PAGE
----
Kaiser Permanente, the nation's largest integrated health care system, will support the American Heart Association in a broad effort to improve blood pressure control for African-Americans in two U.S. cities over three years. [More]
New approach to diagnose tuberculosis

New approach to diagnose tuberculosis

Researchers working in the UK and The Gambia, have developed a new approach to the diagnosis of tuberculosis (TB) that relies on direct sequencing of DNA extracted from sputum (a technique called metagenomics) to detect and characterize the bacteria that cause TB without the need for time-consuming culture of bacteria in the laboratory. [More]
Promising new approach for combating colorectal cancer

Promising new approach for combating colorectal cancer

Scientists at the University of York are working on a promising new approach for tackling colorectal cancer, the second most common cause of cancer-related death. [More]
Pilot study shows benefits of psychoeducational wellness program in MS people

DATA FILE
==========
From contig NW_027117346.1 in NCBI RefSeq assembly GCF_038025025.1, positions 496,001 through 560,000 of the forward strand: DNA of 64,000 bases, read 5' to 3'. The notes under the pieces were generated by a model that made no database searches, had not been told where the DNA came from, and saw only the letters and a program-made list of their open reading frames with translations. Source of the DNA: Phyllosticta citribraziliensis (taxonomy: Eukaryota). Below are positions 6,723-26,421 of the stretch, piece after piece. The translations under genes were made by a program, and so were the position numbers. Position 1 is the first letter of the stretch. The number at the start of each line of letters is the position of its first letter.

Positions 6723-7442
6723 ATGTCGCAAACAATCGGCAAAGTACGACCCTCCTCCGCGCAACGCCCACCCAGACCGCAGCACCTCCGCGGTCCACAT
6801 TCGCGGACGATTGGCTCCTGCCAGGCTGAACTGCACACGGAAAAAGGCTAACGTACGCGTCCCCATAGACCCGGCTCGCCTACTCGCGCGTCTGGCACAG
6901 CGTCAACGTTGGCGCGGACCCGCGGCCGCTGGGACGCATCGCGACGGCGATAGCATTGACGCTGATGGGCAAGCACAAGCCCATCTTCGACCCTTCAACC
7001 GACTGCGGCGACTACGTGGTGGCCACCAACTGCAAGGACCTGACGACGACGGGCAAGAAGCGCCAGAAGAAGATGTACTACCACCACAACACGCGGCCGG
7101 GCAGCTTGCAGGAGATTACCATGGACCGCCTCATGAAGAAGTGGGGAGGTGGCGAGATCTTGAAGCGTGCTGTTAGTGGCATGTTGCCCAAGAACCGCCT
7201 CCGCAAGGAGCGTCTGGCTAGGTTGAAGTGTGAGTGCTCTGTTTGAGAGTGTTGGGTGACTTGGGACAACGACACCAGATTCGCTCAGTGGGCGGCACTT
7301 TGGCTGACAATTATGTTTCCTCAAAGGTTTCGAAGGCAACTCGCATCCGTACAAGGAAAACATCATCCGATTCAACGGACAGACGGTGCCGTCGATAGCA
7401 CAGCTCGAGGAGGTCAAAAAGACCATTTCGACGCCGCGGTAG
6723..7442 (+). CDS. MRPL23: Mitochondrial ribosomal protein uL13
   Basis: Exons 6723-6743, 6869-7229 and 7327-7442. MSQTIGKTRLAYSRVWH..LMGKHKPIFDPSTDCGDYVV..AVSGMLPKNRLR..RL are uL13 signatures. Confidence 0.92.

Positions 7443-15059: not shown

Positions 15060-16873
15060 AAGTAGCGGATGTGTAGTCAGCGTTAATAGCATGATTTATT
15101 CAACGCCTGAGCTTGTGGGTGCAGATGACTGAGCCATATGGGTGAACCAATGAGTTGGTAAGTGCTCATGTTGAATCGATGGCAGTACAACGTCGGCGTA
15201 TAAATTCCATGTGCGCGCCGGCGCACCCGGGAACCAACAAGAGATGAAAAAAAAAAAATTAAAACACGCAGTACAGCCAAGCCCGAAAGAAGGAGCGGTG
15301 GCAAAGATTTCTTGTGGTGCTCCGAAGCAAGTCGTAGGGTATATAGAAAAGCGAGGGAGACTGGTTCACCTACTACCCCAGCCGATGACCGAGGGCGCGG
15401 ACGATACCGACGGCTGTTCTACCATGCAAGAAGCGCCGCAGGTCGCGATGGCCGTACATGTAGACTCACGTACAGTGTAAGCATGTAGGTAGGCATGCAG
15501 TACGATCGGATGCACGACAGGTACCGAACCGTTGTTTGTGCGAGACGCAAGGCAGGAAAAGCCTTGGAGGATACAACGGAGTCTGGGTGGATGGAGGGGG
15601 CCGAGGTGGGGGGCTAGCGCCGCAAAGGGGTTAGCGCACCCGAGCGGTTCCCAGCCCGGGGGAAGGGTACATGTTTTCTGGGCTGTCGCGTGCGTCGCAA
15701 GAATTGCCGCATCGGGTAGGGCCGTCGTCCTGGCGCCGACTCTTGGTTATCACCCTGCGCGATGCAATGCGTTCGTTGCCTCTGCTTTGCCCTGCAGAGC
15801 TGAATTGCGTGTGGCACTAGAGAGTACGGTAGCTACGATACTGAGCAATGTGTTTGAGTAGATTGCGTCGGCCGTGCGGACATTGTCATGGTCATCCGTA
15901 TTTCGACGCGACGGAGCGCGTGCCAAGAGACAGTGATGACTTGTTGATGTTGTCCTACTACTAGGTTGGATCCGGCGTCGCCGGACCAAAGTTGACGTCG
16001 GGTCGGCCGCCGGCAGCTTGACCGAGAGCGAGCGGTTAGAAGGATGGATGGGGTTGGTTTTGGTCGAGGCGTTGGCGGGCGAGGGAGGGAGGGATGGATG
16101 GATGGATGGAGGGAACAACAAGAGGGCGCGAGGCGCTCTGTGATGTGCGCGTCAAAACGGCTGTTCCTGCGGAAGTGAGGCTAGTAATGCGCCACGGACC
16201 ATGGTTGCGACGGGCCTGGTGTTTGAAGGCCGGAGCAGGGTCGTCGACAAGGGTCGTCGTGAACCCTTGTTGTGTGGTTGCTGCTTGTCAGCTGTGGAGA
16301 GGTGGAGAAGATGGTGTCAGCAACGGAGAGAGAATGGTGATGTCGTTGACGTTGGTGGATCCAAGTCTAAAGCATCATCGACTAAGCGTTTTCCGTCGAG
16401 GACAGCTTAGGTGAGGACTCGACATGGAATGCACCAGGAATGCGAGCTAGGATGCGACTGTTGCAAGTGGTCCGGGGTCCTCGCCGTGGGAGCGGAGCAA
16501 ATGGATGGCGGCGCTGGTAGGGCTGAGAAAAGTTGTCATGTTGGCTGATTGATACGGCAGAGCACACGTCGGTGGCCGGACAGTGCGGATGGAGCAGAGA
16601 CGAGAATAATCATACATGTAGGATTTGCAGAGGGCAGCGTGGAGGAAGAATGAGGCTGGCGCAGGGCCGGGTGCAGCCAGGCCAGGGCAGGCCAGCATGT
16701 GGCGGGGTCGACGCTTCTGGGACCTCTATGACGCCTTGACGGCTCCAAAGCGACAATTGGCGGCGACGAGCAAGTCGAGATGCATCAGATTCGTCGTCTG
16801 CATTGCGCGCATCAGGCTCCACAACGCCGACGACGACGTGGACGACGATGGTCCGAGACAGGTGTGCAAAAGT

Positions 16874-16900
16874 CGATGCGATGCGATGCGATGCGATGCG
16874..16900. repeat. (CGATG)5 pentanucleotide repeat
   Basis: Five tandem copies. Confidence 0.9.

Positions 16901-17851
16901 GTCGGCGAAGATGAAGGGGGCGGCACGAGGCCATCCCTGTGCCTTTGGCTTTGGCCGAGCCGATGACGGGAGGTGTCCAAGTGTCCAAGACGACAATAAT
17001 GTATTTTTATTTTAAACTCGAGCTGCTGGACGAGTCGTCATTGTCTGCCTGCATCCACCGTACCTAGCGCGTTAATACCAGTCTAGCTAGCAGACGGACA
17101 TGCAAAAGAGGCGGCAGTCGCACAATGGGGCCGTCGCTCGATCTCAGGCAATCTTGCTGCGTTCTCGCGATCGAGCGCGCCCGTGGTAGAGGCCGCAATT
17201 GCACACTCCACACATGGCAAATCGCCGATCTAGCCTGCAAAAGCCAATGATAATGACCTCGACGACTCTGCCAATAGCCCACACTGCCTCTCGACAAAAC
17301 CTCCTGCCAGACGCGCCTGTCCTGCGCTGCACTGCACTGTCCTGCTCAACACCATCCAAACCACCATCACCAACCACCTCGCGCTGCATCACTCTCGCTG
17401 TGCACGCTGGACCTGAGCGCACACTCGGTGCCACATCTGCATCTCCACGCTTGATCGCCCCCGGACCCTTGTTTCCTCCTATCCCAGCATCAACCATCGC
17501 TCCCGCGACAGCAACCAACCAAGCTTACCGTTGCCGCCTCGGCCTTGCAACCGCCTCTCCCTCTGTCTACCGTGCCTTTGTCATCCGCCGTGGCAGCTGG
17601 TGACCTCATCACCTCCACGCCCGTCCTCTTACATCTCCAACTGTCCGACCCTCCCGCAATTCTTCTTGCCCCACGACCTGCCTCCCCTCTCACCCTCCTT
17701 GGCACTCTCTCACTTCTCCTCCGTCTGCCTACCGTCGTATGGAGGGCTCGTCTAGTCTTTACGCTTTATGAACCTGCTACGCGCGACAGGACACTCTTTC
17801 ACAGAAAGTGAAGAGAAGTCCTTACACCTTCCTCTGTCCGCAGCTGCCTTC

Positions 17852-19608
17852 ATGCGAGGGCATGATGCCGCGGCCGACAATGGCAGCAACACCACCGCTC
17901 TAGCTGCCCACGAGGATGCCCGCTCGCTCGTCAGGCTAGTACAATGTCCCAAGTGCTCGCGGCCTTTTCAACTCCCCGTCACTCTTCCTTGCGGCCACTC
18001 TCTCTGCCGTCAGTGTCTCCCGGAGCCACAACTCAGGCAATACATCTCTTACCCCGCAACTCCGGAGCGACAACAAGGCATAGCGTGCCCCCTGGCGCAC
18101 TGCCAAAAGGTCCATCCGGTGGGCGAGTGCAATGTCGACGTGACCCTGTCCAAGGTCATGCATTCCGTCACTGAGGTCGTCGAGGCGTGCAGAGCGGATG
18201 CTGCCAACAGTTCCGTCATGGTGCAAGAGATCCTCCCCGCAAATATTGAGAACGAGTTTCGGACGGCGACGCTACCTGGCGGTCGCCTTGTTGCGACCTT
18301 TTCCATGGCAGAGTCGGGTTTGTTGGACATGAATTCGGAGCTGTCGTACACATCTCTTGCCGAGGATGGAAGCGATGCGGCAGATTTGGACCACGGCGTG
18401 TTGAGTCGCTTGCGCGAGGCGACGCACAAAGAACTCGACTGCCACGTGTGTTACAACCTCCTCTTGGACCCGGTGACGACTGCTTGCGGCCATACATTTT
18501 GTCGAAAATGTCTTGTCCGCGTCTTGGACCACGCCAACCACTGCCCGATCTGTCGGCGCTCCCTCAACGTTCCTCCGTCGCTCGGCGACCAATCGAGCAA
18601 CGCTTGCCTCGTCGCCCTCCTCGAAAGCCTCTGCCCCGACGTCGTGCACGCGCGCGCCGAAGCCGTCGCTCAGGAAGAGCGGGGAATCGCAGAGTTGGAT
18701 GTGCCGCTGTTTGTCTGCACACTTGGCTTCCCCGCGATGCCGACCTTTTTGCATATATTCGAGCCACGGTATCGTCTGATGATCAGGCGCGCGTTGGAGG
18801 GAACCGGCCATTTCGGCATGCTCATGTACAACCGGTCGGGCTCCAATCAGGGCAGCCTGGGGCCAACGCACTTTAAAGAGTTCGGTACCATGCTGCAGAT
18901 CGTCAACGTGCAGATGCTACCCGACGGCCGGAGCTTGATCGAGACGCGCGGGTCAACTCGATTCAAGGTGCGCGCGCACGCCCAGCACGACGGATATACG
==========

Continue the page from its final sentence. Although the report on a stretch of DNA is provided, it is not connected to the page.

Pilot study shows benefits of psychoeducational wellness program in MS people

Kessler researchers have published a pilot study showing the benefits of a 10-week psychoeducational wellness program in people with multiple sclerosis (MS). Improvements were seen in mood, overall mental health, perceived stress, and pain. [More]
Caltech researcher explores link between variable heart rate, health and fitness

Caltech researcher explores link between variable heart rate, health and fitness

Although the heart beats out a very familiar "lub-dub" pattern that speeds up or slows down as our activity increases or decreases, the pattern itself isn't as regular as you might think. In fact, the amount of time between heartbeats can vary even at a "constant" heart rate-and that variability, doctors have found, is a good thing. [More]
Single-family room environment can optimize care for preterm infants

Single-family room environment can optimize care for preterm infants